September 18, 2013

The Millennial Action Project: Bridging the Gap

By: Clifton Yin

American politics has become so dysfunctional that name-calling seems to take precedence over policy-making, even as the nation faces critical challenges like a faltering economy and rising fiscal debt. The mainstream media, for example, threw itself into a tizzy earlier this year covering the back and forth between Senator John McCain and Governor Chris Christie and Senator Rand Paul over growing support for libertarian thought within the Republican Party. Senator McCain derided Senator Paul and likeminded leaders as “wacko birds”, with the latter striking back by referring to the former as “moss covered”. Several months later, disagreement over issues of national security, privacy and government spending resulted in Senator Paul describing Governor Christie as the “king of bacon”, an unsubtle jab at the New Jerseyan’s weight. And these are just recent examples of intraparty bickering, with acrimony now routine between elected officials and politicos of the two major parties at all levels of government.

However, members of the Millennial Action Project (MAP) believe that political gridlock and dysfunction are not inevitable and that fostering a more solutions-oriented politics begins with emulating the values of the Millennial generation. Data indicates that the rising generation is highly collaborative by nature and transcends rigid party affiliation. After all, Millennials grew up in a still ongoing era of technological innovation and are thus defined by an entrepreneurial, optimistic, and pragmatic worldview.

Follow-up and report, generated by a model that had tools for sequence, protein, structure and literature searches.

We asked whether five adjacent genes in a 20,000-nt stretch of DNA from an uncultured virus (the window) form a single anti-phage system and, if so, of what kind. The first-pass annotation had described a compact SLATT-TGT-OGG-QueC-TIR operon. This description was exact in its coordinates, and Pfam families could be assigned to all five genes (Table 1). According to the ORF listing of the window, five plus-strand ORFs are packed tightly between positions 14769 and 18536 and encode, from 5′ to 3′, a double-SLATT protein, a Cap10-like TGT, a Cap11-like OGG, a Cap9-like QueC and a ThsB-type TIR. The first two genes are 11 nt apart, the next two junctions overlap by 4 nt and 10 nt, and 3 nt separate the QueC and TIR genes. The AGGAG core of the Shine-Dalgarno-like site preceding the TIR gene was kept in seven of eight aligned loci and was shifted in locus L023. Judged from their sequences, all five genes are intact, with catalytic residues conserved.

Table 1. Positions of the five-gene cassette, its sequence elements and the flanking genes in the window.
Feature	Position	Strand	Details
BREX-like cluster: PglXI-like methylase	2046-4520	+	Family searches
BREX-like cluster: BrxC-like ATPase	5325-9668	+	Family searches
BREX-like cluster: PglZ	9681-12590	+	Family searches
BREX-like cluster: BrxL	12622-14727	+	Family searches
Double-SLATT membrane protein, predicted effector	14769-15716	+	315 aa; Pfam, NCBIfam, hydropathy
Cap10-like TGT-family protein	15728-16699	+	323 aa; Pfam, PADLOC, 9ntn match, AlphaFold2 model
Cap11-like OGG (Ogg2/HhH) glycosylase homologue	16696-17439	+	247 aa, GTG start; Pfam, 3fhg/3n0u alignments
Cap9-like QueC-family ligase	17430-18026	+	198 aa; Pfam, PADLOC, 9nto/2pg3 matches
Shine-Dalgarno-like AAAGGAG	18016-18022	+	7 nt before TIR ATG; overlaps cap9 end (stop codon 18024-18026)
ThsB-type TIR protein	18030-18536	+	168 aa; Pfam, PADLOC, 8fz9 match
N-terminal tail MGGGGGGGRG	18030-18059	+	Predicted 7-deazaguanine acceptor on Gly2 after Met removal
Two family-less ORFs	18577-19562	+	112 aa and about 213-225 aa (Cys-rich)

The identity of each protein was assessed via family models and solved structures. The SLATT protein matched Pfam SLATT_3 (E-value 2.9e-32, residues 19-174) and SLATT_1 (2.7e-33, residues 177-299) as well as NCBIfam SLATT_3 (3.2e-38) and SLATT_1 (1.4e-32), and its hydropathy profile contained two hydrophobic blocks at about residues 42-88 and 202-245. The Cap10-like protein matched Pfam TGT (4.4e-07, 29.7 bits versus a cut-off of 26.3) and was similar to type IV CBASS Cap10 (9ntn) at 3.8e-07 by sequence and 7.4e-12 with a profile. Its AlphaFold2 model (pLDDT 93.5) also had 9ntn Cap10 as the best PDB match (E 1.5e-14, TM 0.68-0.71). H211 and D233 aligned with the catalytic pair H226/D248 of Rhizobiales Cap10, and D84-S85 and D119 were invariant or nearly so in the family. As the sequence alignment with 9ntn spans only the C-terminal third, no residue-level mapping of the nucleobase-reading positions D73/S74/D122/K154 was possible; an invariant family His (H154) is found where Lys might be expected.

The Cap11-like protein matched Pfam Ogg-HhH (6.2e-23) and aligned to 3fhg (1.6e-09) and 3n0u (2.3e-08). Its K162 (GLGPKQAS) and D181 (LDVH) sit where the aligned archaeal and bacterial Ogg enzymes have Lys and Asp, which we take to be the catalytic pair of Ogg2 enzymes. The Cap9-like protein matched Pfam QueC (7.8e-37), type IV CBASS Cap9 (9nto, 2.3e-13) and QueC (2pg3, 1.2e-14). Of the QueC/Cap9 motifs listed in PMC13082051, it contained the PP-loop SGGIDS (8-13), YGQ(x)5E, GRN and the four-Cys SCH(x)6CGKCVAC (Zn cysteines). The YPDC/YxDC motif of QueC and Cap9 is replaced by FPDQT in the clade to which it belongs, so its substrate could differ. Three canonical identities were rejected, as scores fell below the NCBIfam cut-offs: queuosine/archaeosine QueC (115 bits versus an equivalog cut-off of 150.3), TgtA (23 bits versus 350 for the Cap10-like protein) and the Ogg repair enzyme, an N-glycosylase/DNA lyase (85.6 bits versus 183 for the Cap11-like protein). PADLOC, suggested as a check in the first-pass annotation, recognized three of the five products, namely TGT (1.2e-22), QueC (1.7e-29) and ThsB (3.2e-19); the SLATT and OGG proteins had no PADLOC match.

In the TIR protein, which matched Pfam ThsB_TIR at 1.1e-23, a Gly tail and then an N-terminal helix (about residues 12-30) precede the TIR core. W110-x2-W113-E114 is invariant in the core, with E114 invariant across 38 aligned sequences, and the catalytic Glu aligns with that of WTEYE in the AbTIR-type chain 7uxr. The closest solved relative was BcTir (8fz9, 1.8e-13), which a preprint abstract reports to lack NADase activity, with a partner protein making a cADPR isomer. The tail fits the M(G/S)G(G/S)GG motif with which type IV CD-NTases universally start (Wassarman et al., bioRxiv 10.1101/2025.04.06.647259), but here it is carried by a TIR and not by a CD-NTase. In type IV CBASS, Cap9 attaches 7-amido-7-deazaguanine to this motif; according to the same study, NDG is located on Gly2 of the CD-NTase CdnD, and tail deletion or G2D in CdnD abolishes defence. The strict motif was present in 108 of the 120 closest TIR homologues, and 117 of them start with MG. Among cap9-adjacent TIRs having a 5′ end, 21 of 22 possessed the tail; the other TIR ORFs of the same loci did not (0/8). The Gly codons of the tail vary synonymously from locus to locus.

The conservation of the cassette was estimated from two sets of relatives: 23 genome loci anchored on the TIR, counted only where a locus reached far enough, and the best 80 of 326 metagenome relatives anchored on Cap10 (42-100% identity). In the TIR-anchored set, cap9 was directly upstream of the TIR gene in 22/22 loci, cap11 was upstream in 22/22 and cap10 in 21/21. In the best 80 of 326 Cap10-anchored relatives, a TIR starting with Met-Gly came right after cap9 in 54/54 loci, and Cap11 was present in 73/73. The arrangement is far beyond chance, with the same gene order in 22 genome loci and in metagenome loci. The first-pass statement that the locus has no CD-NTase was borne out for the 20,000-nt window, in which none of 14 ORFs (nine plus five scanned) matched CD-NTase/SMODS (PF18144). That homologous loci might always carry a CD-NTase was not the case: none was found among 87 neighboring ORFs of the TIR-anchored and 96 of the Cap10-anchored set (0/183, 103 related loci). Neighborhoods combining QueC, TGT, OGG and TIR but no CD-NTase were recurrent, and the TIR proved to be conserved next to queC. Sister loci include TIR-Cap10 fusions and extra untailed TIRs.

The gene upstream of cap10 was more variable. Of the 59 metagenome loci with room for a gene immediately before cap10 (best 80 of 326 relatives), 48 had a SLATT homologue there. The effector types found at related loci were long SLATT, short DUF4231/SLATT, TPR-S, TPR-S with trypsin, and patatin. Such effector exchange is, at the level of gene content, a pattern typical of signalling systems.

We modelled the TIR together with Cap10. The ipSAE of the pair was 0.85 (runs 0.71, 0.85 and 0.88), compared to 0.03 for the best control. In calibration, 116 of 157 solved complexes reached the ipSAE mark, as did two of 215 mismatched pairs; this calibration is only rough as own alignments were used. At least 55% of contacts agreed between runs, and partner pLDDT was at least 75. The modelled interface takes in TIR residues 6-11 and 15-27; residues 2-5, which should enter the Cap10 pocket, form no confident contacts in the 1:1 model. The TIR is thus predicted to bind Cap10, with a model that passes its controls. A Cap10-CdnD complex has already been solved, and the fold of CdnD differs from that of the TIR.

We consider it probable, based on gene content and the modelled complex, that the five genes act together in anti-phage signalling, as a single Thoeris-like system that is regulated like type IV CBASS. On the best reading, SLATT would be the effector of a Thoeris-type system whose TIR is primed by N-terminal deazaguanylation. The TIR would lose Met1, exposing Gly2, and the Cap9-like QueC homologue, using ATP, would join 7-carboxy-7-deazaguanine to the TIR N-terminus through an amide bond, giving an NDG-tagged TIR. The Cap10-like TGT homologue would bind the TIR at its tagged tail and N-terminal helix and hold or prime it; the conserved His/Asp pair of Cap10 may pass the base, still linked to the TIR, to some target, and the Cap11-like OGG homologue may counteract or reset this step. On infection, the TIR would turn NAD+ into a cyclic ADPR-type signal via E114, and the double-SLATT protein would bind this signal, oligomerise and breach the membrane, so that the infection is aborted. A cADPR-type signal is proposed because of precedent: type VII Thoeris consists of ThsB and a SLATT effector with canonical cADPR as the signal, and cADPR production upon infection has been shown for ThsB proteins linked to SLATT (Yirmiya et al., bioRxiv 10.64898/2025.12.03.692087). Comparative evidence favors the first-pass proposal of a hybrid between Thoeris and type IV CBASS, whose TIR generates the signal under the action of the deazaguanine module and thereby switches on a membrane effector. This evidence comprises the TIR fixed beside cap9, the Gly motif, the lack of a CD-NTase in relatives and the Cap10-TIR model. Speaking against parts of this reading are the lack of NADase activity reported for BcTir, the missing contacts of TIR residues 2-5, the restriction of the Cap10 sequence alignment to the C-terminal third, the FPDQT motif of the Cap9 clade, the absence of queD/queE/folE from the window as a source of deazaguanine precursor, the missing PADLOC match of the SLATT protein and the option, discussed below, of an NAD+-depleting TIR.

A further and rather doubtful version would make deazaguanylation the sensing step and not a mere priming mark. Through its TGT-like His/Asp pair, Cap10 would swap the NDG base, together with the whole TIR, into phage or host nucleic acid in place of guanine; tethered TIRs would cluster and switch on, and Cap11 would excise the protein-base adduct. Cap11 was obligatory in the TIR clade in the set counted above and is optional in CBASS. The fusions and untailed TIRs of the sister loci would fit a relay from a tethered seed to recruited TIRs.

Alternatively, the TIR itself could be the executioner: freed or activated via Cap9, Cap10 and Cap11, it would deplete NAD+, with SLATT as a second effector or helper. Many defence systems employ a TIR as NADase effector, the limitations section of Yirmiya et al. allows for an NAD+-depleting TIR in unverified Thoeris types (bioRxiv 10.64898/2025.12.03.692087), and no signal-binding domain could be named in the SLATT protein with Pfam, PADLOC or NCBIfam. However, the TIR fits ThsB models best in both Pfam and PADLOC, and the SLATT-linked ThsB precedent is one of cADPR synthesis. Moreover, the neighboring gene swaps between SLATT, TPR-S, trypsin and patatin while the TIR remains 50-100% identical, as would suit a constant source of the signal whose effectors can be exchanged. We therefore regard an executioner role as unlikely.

Thus, MAP proposes that “by promoting Millennial values, advancing Millennial ideas, and fostering future-oriented leadership, we can disrupt today’s political stagnation and create a more constructive environment for forward-looking policymaking.” Simply put, whether you’re liberal, libertarian, or anything in between, political labels shouldn’t hold people back from genuine dialogue and working together to formulate smart policy.

If you too feel that it’s possible to be principled without being hyperpartisan and that Millennials need to be more outspoken about driving the debate of ideas in America, check out the Millennial Action Project website and learn more about the organization and its programs. Furthermore, please join supporters of MAP on Capitol Hill this afternoon, Wednesday, September 18th for the organization’s official launch and that of the affiliated Bipartisan Congressional Future Caucus, co-chaired by Rep. Aaron Schock (R-IL) and Rep. Tulsi Gabbard (D-HI). The event will future a panel of both Congressional co-chairs, along with Steven Olikara, Executive Director & Co-Founder of MAP, Aneesh Chopra, former U.S. Chief Technology Officer, and Scott Case, founding CEO of Startup America Partnership and founding CTO of, with John Stanton, D.C. Bureau Chief of BuzzFeed as moderator. You can submit questions for the panel and voice your support by tweeting @MActionProject or #FutureCaucus.

For more information, go to Help MAP make creative cooperation—rather than ideological conflict—the dominant mode of American politics!

Clifton Yin is a domestic policy advisor at the Millennial Action Project, a new 501(c)(3) nonprofit.